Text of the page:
Most Daily Work job seekers are people who come from different areas in the world, many of which are new to the United States, having been here only a year or two - or less. This also means many of our job seekers might be experiencing culture shock. Culture shock is a normal process of getting used to a new culture. A lot of the job seekers coming to Daily Work are going through the transition of getting used to life in the United States, whether in values, customs, or food. Going through culture shock often results in feelings of anger, confusion, homesickness, or depression. Since culture shapes the way we act and think, going through the process of moving to the United States and learning a new culture can be hard and oftentimes painful.
Frequently when we as case managers do the initial intake we ask about social and familial support. Many times the job seekers do not have additional people or a community supporting them. Daily Work values being “person centered”; that is, creating personalized support for each individual. Another value that Daily Work strives for is community. Daily Work believes the collective strength of people in community ensures helpful and productive relationships, as well as a feeling of belonging.
Daily Work strives to ensure that each job seeker has a support system that will uplift and celebrate their culture. It focuses on connecting job seekers to communities they feel comfortable in, whether that means in their places of employment or in their personal lives. One resource that has been increasingly helpful are organizations serving refugees and immigrants in Minnesota, this list is found on the Minnesota Department of Health website http:// mn.gov/dhs/. This resource was designed as a reference for people working to find community-based agencies that serve diverse communities. For job seekers who are new to the United States and come to Daily Work for assistance, Daily Work connects them to jobs they feel comfortable with, offers help with signing up for ESL classes, and walks alongside job seekers and their families, whatever their need.
Culture shock is something that a lot of immigrants and refugees experience. It might show up as depression, anger, confusion and more. This is a painful process for people who are new to the United States, however with the help of community, and organizations such as Daily Work, the goal is to be able to alleviate some of these stressors. It is important to understand that being a new person in a new country is not easy, however knowing some basic resources is a way to support our new neighbors.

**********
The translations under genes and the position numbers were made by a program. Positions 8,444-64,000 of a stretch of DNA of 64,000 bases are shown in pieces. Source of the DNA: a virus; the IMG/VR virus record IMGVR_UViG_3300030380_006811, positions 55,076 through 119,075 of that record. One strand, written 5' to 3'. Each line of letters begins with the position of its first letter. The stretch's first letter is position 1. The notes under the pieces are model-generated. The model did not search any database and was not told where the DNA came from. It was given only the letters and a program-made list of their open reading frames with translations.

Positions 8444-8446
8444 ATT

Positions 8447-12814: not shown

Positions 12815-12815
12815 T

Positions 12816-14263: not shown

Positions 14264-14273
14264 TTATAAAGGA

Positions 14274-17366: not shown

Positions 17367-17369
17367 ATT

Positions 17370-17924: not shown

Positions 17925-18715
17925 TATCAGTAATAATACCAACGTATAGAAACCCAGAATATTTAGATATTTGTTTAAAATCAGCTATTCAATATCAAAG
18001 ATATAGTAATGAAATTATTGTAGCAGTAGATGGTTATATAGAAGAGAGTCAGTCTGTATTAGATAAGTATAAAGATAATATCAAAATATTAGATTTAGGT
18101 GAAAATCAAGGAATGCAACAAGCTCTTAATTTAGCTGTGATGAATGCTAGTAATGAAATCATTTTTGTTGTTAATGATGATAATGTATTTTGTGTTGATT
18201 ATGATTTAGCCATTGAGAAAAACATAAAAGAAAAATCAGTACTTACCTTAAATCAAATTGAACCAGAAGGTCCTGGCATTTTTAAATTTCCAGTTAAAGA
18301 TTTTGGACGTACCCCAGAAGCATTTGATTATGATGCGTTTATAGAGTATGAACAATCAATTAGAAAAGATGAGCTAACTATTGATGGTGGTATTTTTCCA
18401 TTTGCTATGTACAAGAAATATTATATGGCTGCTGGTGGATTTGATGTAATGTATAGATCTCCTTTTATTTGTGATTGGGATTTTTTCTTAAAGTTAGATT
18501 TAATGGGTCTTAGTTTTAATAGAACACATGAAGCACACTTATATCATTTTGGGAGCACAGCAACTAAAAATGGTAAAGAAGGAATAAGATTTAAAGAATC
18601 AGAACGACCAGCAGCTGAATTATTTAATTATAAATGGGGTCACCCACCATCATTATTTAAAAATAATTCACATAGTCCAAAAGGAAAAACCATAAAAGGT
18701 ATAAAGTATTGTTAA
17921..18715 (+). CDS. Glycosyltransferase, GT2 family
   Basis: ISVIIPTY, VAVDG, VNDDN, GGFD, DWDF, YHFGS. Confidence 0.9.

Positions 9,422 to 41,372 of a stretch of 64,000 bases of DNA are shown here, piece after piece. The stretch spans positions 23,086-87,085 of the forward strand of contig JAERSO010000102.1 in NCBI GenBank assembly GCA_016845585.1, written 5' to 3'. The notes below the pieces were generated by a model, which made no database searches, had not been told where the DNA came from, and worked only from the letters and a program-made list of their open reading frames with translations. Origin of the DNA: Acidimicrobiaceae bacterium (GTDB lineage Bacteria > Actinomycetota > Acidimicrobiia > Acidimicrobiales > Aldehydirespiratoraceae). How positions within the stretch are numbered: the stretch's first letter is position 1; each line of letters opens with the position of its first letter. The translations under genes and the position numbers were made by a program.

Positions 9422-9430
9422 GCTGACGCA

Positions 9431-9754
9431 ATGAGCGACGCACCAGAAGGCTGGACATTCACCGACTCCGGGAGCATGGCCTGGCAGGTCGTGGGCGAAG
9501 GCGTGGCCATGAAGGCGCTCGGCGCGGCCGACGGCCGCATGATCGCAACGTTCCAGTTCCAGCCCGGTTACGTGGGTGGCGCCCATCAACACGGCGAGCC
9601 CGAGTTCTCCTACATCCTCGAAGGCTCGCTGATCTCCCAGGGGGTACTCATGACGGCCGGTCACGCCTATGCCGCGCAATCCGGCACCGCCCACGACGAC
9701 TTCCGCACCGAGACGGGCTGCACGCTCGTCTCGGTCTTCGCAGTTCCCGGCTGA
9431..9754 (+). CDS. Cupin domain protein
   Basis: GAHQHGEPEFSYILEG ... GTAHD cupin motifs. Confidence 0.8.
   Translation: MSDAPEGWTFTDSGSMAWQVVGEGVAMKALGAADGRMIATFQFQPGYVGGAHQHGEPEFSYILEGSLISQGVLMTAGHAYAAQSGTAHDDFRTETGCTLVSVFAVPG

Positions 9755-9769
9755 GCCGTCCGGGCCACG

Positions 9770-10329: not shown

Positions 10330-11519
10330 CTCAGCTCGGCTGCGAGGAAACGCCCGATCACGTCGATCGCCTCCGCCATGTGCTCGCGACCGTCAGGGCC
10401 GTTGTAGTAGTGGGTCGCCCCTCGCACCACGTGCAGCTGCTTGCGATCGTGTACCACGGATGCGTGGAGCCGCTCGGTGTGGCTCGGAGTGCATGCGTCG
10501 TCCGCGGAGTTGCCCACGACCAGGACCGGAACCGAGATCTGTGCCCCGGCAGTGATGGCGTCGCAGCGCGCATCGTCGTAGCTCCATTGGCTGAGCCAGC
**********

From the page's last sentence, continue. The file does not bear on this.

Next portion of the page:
An example of this is how Daily Work collaborated with a job seeker to apply for their visa to their home country in order to see their family. The case manager called immigration services with the job seeker to clarify the steps needed for the job seeker to go back and visit their family. The case manager helped the job seeker apply for their visa as well as go over the flight plan, layovers and the different terminals to go to. Daily Work also advocated for the job seeker in their place of employment and assisted in filling out paperwork to receive a leave of absence. The job seeker had not been with their family for many years and it quickly became apparent that seeing and connecting with them was something that would be helpful to the job seeker. The connection with family is something that Daily Work was actively honoring by employment advocacy, assistance in the visa process, as well as going over flight plans with the job seeker.
In closing, it is important to remember that relationships, community, and the sense of belonging is important for mental and emotional health. By having a community, the effects of culture shock are reduced and the adaptation to a different culture and country is eased. The encouragement is to embrace individuals and families who are new to the United States.